- Written by DICKSON IGWE
- Published: 30 August 2017
This economics layman has learned rather late in his life that Gross Domestic Product is not the alpha and omega of a country’s prosperity. It is better to view social development measures such as quality of life and social welfare as benchmarks of national prosperity. The preceding measures are better than putting blind belief in purely economic numbers, such as income per capita and GDP.
Okay. GDP is an important economic measure, agreed. It tallies the goods and services produced by a country each year. Gross Domestic Income is a similar metric that tallies wages, profits and incomes in a jurisdiction over 12 months. Income per capita further divides the total income a country earns by the number of residents. It is more complex than the preceding, of course, but this narrative is for laypersons, such as this writer.
In the VI
Ultimately, a country’s increasing GDP or GDI — total income — does not necessarily translate into making life better for the average citizen. The Virgin Islands, for example, is a very unequal society. It is in fact quite unusual. There are a tiny number of millionaires and billionaires resident on the archipelago. Then the income per capita has been stated at $40,000 per annum. This is higher than most developed countries and equivalent to the United Kingdom’s income per capita.
But this is deceptive. Why? Because the territory’s income per capita includes the annual earnings of the four or five multimillionaires and billionaires, and a number of expatriates who manage the financial services sector and who earn in excess of $250,000 per annum. These wealthy and high earning individuals have been juxtaposed with the rest of the population.
In fact, it would be valid to state that most residents of the VI earn less than $25,000 per annum.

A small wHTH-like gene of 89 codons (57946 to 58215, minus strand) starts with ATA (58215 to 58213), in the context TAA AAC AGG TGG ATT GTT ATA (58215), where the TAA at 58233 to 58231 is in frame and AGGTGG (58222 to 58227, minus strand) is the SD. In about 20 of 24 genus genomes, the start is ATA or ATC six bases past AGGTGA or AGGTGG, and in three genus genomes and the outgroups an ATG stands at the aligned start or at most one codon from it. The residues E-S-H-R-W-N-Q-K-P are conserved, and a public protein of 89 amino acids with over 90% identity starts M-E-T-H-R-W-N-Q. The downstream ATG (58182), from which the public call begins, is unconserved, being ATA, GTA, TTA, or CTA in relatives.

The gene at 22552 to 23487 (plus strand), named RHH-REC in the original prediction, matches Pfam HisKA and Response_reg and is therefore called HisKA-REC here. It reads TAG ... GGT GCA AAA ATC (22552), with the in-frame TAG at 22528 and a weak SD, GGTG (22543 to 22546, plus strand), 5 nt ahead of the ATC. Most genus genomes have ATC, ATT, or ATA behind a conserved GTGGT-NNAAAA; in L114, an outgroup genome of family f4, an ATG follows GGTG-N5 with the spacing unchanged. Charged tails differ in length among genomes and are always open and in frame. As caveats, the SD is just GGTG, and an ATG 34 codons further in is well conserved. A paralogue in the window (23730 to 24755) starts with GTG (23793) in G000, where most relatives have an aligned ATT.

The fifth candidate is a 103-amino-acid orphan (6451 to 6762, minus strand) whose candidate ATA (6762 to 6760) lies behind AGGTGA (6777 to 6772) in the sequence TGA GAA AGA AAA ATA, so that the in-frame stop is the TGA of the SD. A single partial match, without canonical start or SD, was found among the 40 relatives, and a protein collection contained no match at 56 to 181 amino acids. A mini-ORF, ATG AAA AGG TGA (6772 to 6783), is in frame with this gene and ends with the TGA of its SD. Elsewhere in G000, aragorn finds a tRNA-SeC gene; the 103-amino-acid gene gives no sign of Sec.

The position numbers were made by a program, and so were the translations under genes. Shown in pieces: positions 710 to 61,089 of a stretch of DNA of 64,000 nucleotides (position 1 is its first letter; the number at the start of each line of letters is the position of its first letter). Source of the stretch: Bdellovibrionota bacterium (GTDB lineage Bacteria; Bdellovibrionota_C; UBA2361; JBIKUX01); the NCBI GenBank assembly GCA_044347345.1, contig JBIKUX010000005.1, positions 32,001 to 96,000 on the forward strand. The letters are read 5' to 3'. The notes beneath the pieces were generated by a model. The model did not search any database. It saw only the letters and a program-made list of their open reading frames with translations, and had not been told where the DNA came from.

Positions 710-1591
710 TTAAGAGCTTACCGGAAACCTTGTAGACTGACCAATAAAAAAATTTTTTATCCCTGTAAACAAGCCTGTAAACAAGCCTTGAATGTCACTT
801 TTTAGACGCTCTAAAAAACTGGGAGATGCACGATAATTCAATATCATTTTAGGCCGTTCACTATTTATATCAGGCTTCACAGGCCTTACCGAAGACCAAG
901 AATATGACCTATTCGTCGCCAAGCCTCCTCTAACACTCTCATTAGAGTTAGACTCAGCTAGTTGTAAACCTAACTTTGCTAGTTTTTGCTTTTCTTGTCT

The physical and social infrastructure of countries with a similar income per capita as the VI’s, such as France and the United Kingdom, are superior to what we have on these islands. That is a fact. The VI has work to do to catch up with northern Europe in terms of both social and physical development.
Nevertheless, GDP and income per capita remain the standard and conventional method of measuring the territory’s success. But GDP is misleading as a measure of national prosperity. The richest one percent may get richer in a society and this will show up in an increase in the GDP through trickledown. But that does not necessarily transfer to a rise in the standard of living for the vast majority.
GDP may increase, and the rich, who own the majority of the businesses in a country, get richer, and the people remain poor. The increased wealth simply enters the pockets of the owners of specific businesses, and those with power and connections.
And that is why the better way to measure national prosperity is to measure social economic factors such as public access to food, water, shelter, transportation, safety, basic education, information, quality health care, and a sustainable environment.
There are also the political- and governance-type measures, such as the enjoyment of human rights, freedom of choice, and freedom from discrimination.
Best place to live
Now, Norway is considered the best place on earth to live, followed by other countries such as Sweden, Switzerland, Iceland and New Zealand. These countries are all democracies, with varying degrees of tolerance for their minority populations. Agreed, Norway has a high GDP owing to its abundance of natural resources. However, its excellent access to pure water, great sanitation, exceptional education services, and first class physical infrastructure — as well as its achievement of very high levels of personal freedom — show the country’s well-ordered priorities in investing heavily in its social and human capital.